His Holiness was regarded by other church leaders and community leaders as the lighthouse of hope when there erupted community disharmony within the pluralistic population of Keralam. Catholicos-Patriarch Matthews I, his predecessor, delegated him to lead the Christian community in Keralam when there arose a crisis dismantling the unity between the Christian and Hindu communities based on a proposed church-building at Nilakkal which was said to be within domain and vicinities of the Shabarimala Temple. Hindus vehemently opposed the project and Christians were equally offended by the resistance from the Hindu community. It was His Holiness, a Metropolitan then, took the lead to diffuse the crisis and received the acclamation from both sides and turned out a champion of concord among the diverse people of Keralam. The Hindu community saw in him a Mahacharya and Maharshi, who was totally Indian in culture
Moran Mor Matthews II was a great friend of all Christians, whether Roman Catholics or Protestants. He maintained extraordinary closeness to both of these denominations, although there were critics about him being too charitable to them sometimes. Both of these groups have a history of exploiting and destroying the ancient Orthodox Church in Malankara. For example, the Uniate Romo-Syrian Catholic hierarchies are still stealing the sheep of the Orthodox Church, but His Holiness showed his magnanimity by attending and addressing a congratulatory gathering to honor their newly-consecrated bishop at Trivandrum. The Church of Malankara did not really appreciate this act of charity towards the Uniate Ivaniosites, because there was no one like Archbishop Ivanios in the history of the Church in Malankara, who inflicted the deepest wound on her. Similarly, he was also graciously generous to the Syro-Malabar Roman Catholic and the CSI and Marthomite communities that are vestiges of western uncanonical and criminal encroachment into the apostolic ancient Church of Malankara. He loved every human being without reservation, fully understanding his role as a high priest and community leader, who should treat everyone equally beyond the boundaries of his own Church, often forgetting and forgiving past deadly wounds.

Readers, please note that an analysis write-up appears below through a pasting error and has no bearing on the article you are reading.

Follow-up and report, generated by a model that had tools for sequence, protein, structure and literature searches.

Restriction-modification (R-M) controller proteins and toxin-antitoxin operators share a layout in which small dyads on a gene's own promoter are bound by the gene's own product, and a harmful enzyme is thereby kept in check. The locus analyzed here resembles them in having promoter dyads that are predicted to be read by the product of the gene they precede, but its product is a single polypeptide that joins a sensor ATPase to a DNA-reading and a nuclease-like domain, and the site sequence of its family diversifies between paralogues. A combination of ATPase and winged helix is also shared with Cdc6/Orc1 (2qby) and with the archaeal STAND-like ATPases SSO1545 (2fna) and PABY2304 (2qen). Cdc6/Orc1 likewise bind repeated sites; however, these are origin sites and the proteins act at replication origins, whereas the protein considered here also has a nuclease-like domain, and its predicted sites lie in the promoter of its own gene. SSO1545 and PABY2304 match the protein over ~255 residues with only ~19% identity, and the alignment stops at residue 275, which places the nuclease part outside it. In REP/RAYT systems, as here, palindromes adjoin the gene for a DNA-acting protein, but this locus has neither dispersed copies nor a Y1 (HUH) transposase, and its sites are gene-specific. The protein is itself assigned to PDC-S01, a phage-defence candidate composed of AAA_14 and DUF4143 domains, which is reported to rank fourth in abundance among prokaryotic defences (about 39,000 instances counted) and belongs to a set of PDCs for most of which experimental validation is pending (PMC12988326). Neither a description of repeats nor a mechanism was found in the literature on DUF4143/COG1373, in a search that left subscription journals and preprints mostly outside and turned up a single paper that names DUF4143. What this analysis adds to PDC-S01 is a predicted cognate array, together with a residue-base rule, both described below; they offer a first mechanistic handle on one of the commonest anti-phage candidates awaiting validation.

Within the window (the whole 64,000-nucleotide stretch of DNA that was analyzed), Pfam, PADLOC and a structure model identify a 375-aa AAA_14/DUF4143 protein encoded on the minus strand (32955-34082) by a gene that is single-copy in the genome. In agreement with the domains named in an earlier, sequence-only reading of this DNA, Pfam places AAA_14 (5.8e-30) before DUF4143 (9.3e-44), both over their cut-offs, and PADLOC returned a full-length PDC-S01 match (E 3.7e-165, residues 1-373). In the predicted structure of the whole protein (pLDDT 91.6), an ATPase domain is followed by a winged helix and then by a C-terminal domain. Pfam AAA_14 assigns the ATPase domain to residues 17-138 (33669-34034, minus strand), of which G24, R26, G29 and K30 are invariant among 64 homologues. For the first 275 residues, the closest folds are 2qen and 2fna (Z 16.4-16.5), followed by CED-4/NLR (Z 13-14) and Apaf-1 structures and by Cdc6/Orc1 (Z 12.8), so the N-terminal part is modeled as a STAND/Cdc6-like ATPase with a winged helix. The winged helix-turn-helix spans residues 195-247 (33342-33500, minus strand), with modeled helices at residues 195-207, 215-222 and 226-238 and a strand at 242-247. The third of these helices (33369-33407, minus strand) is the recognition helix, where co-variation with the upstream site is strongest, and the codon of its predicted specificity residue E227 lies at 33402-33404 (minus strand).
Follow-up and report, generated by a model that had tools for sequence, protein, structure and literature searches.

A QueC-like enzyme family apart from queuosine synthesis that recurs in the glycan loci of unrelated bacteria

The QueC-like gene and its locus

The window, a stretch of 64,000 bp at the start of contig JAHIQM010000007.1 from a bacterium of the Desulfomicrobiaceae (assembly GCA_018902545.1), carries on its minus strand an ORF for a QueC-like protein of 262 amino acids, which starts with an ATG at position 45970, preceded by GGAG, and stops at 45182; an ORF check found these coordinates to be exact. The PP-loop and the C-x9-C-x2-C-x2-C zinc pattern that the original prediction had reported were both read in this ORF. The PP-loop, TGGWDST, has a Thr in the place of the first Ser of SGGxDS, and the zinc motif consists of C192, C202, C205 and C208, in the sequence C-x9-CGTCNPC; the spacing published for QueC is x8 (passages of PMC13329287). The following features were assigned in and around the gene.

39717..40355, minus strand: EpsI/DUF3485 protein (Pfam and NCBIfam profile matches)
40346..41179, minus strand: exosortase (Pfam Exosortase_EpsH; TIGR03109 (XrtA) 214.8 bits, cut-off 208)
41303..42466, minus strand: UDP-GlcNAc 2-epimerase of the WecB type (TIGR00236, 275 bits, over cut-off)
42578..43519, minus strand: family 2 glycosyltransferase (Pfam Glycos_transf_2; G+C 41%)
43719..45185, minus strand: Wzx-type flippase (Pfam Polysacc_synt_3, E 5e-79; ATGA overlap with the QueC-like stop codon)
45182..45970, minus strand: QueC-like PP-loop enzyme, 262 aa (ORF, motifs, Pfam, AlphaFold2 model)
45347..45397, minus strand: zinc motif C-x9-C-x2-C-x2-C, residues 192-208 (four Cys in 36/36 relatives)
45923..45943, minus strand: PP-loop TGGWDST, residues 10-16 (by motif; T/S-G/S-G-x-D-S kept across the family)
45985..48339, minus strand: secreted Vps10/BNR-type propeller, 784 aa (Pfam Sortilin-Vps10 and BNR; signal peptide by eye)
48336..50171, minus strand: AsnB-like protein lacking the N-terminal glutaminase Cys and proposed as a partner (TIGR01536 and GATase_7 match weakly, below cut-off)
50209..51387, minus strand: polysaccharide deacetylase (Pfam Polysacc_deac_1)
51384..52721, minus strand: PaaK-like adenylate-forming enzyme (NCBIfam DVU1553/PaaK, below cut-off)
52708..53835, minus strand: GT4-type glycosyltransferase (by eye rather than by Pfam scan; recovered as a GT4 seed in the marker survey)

He was never a politician, but attracted politicians of all persuasions. The veneration that Mr. R. Bala Krishna Pillai of Kottarakara had towards our Holy Father was always far greater than his own spiritual children had. Mr. R. Bala Krishna Pillai treated him like a father, and a great Rishi. One could watch an adoring Bala Krishna Pillai in front of the mortal remains of the Holy Father after his death. Great political leaders like K. Karunakaran were his regular visitors. When the Church celebrated his 90th birthday a year ago at Adoor all social, political and religious leaders of Keralam surrounded him with the acclamation of “Ad Multos Annos”. An unusual political figure surprised the multitudes with his mesmerizing presence: it was Mr. V.S. Achyuthanandan, the Marxist Communist opposition leader of Keralam, who had no special reason to appease a towering religious leader like His Holiness. Mr. Achyuthanandan very well knew the extent of Holy Father’s charisma that influences the Malayalee communities and the incomprehensible aura that surrounds the person of the Holy Father. It was striking to watch the 81 year Achyuthanandan, an unbending Communist, painfully rushing through the crowd for kilometers to the funeral site of His Holiness on the day of his entombment.